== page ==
Geosocial Systems Lab
Research Lab Overview
Sediment transport and collective decision making interact in coastal zones in complex—and often unexpected—ways. Upstream of the land-sea boundary, climate change and river basin governance impact the delivery of sediment and water that sustain coastal ecosystems. On the seaward side, sea level and storm surges flood coastlines, altering the balance of sediment deposition and erosion. Societies attempt to harness physical flows through the building of infrastructure to manage flood risk and protect their livelihoods, often resulting in feedbacks at multiple scales. Disentangling the complex ways in which geophysical and social processes interact to modify our coastal landscapes embodies one of the greatest challenges in sustainability science.
In the Geosocial Systems Lab, we are interested in the interactions and interdependencies between people and sediment. We combine traditional methods in novel ways to address questions such as: how do rivers and coastal processes interact to shape our coasts? What decisions about land and water management impact sediment distribution and flood risk in coastal environments? And how do feedbacks within human-natural systems impact biophysical and social stability in coastal settings? Our group merges field-based observations and geochemical fingerprinting of sediment transport phenomena, remotely-sensed data, institutional and geospatial analyses, household survey techniques, and agent-based modeling to understand the coupled human-natural processes shaping risk and resilience in coastal landscapes.
Current and Recent Research Projects
Social response to environmental change and coastal hazards in Asian river deltas
River deltas are some of the most fertile places on earth and have attracted humans for millennia. Flood control practices and intensive agriculture have supported livelihoods but have dramatically altered how natural processes shape delta landscapes. Farming communities are facing environmental risks such as increasing salinity and erosion of cropland and must diversify their livelihoods and/or migrate from the coast to survive—often to overcrowded cities. Using geophysical tools, household surveys, flood mapping, and agent-based modeling, this research is disentangling the feedbacks associated with river and coastal processes, livelihood shifts, and how they influence human mobility in the Bengal Delta, Bangladesh.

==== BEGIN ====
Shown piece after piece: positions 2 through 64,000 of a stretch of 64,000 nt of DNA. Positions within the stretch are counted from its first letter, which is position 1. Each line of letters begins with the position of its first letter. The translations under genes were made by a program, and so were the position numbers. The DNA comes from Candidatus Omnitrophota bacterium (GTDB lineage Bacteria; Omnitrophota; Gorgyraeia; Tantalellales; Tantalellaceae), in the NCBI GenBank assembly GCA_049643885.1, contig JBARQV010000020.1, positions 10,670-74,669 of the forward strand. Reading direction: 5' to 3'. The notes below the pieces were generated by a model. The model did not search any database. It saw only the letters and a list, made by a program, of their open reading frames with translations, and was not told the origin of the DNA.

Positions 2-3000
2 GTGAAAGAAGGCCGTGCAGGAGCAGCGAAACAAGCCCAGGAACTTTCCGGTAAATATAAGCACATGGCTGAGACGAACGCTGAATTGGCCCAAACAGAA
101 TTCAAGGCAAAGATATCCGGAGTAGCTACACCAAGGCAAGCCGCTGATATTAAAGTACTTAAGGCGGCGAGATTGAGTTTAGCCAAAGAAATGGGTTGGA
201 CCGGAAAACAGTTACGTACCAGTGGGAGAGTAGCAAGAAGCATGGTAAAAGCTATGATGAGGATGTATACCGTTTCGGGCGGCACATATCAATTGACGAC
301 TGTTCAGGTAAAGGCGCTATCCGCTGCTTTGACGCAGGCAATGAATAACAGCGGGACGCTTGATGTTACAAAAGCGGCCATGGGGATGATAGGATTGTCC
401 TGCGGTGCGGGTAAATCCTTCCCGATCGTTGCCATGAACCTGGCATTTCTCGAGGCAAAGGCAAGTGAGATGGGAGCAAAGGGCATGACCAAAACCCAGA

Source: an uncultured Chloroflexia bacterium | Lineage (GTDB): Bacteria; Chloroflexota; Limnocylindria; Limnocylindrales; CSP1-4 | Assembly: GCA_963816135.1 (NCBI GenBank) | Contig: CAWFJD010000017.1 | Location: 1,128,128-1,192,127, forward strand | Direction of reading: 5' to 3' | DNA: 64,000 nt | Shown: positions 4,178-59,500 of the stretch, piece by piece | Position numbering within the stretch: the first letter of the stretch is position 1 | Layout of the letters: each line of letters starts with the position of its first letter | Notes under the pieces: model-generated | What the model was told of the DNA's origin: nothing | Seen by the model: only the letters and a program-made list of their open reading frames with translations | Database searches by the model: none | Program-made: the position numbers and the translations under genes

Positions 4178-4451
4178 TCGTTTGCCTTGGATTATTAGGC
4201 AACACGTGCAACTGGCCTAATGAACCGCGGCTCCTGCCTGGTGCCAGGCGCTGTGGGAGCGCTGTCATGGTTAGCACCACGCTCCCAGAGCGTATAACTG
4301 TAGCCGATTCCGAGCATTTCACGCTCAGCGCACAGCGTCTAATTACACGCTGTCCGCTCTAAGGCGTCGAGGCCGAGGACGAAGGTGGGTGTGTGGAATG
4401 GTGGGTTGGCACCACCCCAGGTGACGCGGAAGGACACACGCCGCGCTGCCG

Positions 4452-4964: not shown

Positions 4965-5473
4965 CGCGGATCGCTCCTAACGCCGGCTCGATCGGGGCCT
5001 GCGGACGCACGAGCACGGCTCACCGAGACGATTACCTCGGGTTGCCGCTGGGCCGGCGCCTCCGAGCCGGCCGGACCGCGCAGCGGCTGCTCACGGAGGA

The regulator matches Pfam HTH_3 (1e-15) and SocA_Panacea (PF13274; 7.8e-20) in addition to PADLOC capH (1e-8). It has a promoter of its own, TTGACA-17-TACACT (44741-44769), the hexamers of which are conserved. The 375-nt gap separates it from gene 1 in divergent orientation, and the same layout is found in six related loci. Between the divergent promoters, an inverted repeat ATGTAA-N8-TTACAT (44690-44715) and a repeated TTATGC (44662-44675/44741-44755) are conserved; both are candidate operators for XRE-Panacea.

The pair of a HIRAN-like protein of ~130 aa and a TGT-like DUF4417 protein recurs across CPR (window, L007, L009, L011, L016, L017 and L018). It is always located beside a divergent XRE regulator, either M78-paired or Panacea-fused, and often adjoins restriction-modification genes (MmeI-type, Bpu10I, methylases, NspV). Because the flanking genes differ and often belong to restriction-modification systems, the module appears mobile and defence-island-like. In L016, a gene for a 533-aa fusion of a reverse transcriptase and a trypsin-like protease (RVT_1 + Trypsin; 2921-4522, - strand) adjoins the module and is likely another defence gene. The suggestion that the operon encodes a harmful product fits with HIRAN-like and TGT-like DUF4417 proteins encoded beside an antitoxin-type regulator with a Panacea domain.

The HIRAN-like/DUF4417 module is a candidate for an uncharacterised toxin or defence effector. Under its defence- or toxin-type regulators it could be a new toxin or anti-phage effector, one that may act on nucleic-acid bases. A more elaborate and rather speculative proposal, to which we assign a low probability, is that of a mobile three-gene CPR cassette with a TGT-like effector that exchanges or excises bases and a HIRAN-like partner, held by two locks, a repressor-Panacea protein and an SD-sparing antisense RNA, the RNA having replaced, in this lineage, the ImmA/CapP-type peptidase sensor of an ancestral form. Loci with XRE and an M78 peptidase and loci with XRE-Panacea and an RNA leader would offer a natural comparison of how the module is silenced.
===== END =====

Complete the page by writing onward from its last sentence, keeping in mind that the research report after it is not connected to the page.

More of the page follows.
Farming practices and flood risk
The increased vulnerability of coastal communities to sea level rise has been acknowledged for decades. What has received less attention is the sensitivity of coastal plains to modifications needed to support cultivation and irrigation in a rapidly changing landscape. Embanking, irrigation, and crop or stock choice all affect the movement of sediment in coastal plains. This project is focused on two main questions: 1) What are the feedbacks associated with smallholder farming adaptation, mitigation strategies, and land use policies in response to coastal flooding? 2) How do local-level decisions regarding infrastructure that supports coastal livelihoods aggregate at the regional level? Do these decisions enhance or dampen sediment erosion and coastal flood hazards?
Sediment transport across the land-sea boundary
From the coastal plains of North Carolina to Asian mega-deltas, fluvial-marine processes interact at the coastal boundary and drive the distribution of sediment that ports, cities, and livelihoods are built upon. Our lab combines geochemical tracers, acoustic and observational methods, and sedimentological tools to address questions such as: how does particulate transfer across the land-sea boundary change in time and space? How do spatially-variable patterns in sedimentation and subsidence influence coastal flooding? How do geophysical processes such as mountain uplift interact with climate, marine, and river dynamics to shape our coasts?
Infrastructure governance and sediment resources
Twentieth-century societies changed the nature of how deltas and coastal plains function. Dam building provides communities in river basins with water for irrigation and energy but has reduced downstream sediment discharge to the coastal ocean. Flood control measures restrict the movement of rivers and barrier islands, thus altering where and when sediment is replenished. Sand resources from mountains to sea are extracted for the building of roads and cities, starving floodplains and generating conflict. We are considering the social-environmental tradeoffs associated with infrastructure emplacement within and upstream of coastal areas, including how multi-scalar built infrastructures and resource extraction influence the sustainability of sediment resources in coastal regions.